Understand your car insurance and what it covers
What is auto insurance? Car insurance is online insurance that provides compensation if the vehicle suffers minor damage such as scratches, dents, to total or severe damage. Most states require motorists to carry at least minimum levels of personal auto insurance, which can help mitigate financial losses in the event of an accident. Is that sufficient? Which choices do we have? Find out the ins and outs of auto insurance and the various policies that can be purchased.
Having auto insurance protects you against:
- Property – Including, but not limited to, the possibility of your car being broken into or stolen
- Liability – Responsibility to third parties under the law for harm to persons or property damage
- Medical –treatment expenses, time away from work, and final costs for the deceased all add up.
Most U.S. states require some level of minimum auto insurance coverage, though the specifics of this requirement can vary widely from state to state. Coverages for auto insurance can be purchased separately (a la carte) and in varying amounts to suit your specific requirements and financial constraints.
Typically, policies are issued for a period of either six months or a year, and are renewable. When it’s time to renew your policy and pay your premium, your insurance provider will send you a reminder.
Whom does my car insurance protect, and under what conditions?
If you or a family member are involved in an accident in either your own or another person’s vehicle, you will be protected by the coverage provided by your auto insurance policy (with their permission). Anyone who uses your car with your permission is also covered by your policy.
Your daily commute, errands, and vacations are all covered under your personal auto policy, but business use is not. If you use your vehicle for profit, such as pizza delivery, you will not be covered.
Similarly, if you use your car for a ride-sharing service like Uber or Lyft, your personal auto insurance will not cover any of the resulting damages. However, some insurance companies are beginning to provide ride-sharing service vehicle owners with supplementary insurance products that, for a fee, expand coverage.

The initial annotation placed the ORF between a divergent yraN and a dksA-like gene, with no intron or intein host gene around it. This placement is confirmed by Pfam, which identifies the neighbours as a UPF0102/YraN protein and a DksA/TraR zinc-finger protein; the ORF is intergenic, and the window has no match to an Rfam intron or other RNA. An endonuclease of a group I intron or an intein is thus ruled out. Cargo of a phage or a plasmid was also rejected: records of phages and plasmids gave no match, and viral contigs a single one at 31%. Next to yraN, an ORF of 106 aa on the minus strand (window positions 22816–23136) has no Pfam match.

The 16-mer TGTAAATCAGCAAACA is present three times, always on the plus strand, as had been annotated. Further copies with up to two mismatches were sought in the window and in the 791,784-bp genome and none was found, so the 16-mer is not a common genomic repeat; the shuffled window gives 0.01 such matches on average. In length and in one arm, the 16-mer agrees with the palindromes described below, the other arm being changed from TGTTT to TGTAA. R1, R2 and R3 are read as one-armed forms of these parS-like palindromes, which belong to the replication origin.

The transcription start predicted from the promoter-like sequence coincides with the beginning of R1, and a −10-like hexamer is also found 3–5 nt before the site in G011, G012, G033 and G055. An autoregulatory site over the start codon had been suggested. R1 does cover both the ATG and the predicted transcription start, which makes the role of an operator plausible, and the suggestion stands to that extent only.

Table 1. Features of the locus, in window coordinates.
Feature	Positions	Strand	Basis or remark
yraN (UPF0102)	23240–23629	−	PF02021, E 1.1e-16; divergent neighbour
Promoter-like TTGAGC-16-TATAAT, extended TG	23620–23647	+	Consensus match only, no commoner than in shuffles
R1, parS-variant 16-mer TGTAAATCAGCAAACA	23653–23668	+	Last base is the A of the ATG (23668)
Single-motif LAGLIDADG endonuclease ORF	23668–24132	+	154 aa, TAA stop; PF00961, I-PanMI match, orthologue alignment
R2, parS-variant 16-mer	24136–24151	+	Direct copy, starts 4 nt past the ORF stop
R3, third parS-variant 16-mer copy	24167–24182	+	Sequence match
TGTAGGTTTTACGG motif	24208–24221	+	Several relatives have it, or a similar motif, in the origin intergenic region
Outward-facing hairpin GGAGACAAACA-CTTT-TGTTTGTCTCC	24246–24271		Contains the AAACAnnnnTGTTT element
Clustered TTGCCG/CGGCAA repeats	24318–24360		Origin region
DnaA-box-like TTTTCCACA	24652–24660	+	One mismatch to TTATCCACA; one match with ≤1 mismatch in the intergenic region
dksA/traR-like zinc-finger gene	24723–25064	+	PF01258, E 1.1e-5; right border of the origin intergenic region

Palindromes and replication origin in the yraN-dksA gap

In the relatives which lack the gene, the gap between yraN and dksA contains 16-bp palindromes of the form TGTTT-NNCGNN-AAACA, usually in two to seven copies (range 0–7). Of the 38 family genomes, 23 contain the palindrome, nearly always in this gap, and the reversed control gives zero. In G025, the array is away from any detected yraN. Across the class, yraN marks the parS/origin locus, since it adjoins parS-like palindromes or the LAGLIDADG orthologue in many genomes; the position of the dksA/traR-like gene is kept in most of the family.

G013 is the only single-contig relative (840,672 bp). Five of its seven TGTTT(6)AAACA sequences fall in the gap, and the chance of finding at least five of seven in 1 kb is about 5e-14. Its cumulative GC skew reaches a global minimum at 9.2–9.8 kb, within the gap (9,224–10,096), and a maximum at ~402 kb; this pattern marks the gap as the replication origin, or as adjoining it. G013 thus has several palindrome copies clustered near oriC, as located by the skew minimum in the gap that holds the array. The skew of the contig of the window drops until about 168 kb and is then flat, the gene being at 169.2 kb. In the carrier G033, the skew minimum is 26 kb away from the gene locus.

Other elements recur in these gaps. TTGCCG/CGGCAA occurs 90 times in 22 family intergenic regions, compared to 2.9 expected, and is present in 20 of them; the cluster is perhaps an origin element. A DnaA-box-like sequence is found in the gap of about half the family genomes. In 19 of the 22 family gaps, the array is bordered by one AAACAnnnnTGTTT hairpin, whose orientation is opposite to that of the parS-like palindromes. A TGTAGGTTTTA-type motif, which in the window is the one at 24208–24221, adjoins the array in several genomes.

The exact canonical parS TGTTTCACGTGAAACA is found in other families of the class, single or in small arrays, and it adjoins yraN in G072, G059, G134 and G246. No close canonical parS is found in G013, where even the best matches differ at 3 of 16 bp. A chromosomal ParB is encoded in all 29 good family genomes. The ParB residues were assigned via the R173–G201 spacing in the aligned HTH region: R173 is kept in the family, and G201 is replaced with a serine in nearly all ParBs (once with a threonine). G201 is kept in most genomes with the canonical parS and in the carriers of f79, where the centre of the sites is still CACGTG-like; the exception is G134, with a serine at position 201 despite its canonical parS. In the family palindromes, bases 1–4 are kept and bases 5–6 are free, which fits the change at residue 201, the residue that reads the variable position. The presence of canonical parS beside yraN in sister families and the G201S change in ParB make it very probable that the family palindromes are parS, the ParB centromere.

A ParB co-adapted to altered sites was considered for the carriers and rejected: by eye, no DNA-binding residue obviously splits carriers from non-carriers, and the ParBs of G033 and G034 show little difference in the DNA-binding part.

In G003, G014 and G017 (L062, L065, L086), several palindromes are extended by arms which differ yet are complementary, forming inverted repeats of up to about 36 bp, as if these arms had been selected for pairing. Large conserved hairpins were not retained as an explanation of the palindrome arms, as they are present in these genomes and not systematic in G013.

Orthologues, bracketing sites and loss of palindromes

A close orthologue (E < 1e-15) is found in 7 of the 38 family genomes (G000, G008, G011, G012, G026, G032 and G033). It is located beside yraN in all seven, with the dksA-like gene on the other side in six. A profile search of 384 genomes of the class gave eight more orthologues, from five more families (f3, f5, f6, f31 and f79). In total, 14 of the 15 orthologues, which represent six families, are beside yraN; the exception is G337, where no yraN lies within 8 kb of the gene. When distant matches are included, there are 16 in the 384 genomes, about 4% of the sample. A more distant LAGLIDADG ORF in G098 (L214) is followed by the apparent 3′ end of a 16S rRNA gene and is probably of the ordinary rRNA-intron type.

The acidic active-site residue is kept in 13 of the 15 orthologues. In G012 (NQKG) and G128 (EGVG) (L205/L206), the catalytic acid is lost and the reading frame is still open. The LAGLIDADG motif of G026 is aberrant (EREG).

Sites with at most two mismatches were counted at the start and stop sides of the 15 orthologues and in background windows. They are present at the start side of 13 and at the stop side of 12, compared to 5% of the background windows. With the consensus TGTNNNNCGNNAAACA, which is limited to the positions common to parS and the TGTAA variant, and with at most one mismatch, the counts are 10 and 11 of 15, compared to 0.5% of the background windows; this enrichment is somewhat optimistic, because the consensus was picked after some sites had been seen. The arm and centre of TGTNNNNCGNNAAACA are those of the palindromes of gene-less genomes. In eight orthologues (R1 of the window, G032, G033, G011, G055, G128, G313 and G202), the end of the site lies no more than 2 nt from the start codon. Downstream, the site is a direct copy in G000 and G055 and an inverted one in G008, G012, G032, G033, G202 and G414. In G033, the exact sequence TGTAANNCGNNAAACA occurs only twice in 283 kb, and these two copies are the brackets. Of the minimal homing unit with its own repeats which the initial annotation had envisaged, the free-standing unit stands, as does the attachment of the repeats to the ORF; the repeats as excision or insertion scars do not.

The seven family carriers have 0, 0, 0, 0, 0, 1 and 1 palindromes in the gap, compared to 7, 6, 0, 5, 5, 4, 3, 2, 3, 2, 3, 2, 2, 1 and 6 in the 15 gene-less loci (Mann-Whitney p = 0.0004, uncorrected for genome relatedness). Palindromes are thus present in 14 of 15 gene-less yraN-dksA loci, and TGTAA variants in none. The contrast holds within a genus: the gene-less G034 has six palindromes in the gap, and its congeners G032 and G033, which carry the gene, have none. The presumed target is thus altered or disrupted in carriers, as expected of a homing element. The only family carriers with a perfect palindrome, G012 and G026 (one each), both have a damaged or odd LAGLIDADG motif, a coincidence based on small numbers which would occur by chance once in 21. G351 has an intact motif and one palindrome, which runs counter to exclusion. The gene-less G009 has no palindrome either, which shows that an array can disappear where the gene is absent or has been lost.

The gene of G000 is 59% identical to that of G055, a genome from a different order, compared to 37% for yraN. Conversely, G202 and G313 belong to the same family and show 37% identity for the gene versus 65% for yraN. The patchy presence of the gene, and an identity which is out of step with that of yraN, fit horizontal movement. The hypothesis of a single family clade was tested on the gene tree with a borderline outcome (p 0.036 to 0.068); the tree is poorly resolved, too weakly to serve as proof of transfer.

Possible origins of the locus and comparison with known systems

Is auto insurance coverage mandatory?
The minimum coverage levels required by individual states can be quite different from one another. If you need auto financing, your financial institution could have additional guidelines. Owners of motor vehicles are obligated by law in nearly every state to have:
- Bodily injury liability – which pays for damages if you or someone else is at fault for an accident involving bodily harm or death.
- Property damage liability – which pays for repairs to other people’s cars and other property like fences and utility poles if you or someone driving your car damages theirs.
In addition, many states require that you carry:
- Medical payments or personal injury protection (PIP), that will pay for your medical bills in the event that you or your passengers are injured. It will compensate for lost wages and other costs.
- Uninsured motorist coverage pays for damages when an uninsured driver or a hit-and-run driver is to blame for an accident. Underinsured motorist coverage is another option, which kicks in when the other driver doesn’t have enough insurance to cover the costs of an accident.
If personal injury protection and uninsured motorist coverage are not required in your state, you should get them anyway.
How about other common auto insurance coverages?
Basic, legally required auto insurance policies typically only cover repairs to other people’s property, not your own. These are some of the extra protections you can get for your own car:
- Collision covers the cost of repairs to your vehicle if you were at fault in a collision with another vehicle or an immovable object like a tree or guardrail. Damage from potholes or a rollover will be covered by collision coverage, but mechanical failure or normal wear and tear will not be.
- Comprehensive provides protection against loss and damage that was not caused by a collision, such as those caused by theft, fire, flood, vandalism, hail, falling rocks or trees, and even an asteroid!
- Glass Coverage offers protection against a common problem: cracked windshields. Side and rear windows, as well as glass sunroofs, may be covered without an additional deductible by some auto insurance policies. Another option is to invest in additional glass protection.
When do I need gap insurance, and what exactly is it?
In the event of an accident, collision and comprehensive policies will only pay out the current market value of your vehicle, not the amount you owe on it. A “gap” exists if the amount you owe on your car is greater than the amount your insurance pays out in the event of a total loss or theft. Gap insurance could be an option to cover the difference if you need to. Keep in mind that gap insurance is typically included in the monthly lease payments for leased vehicles.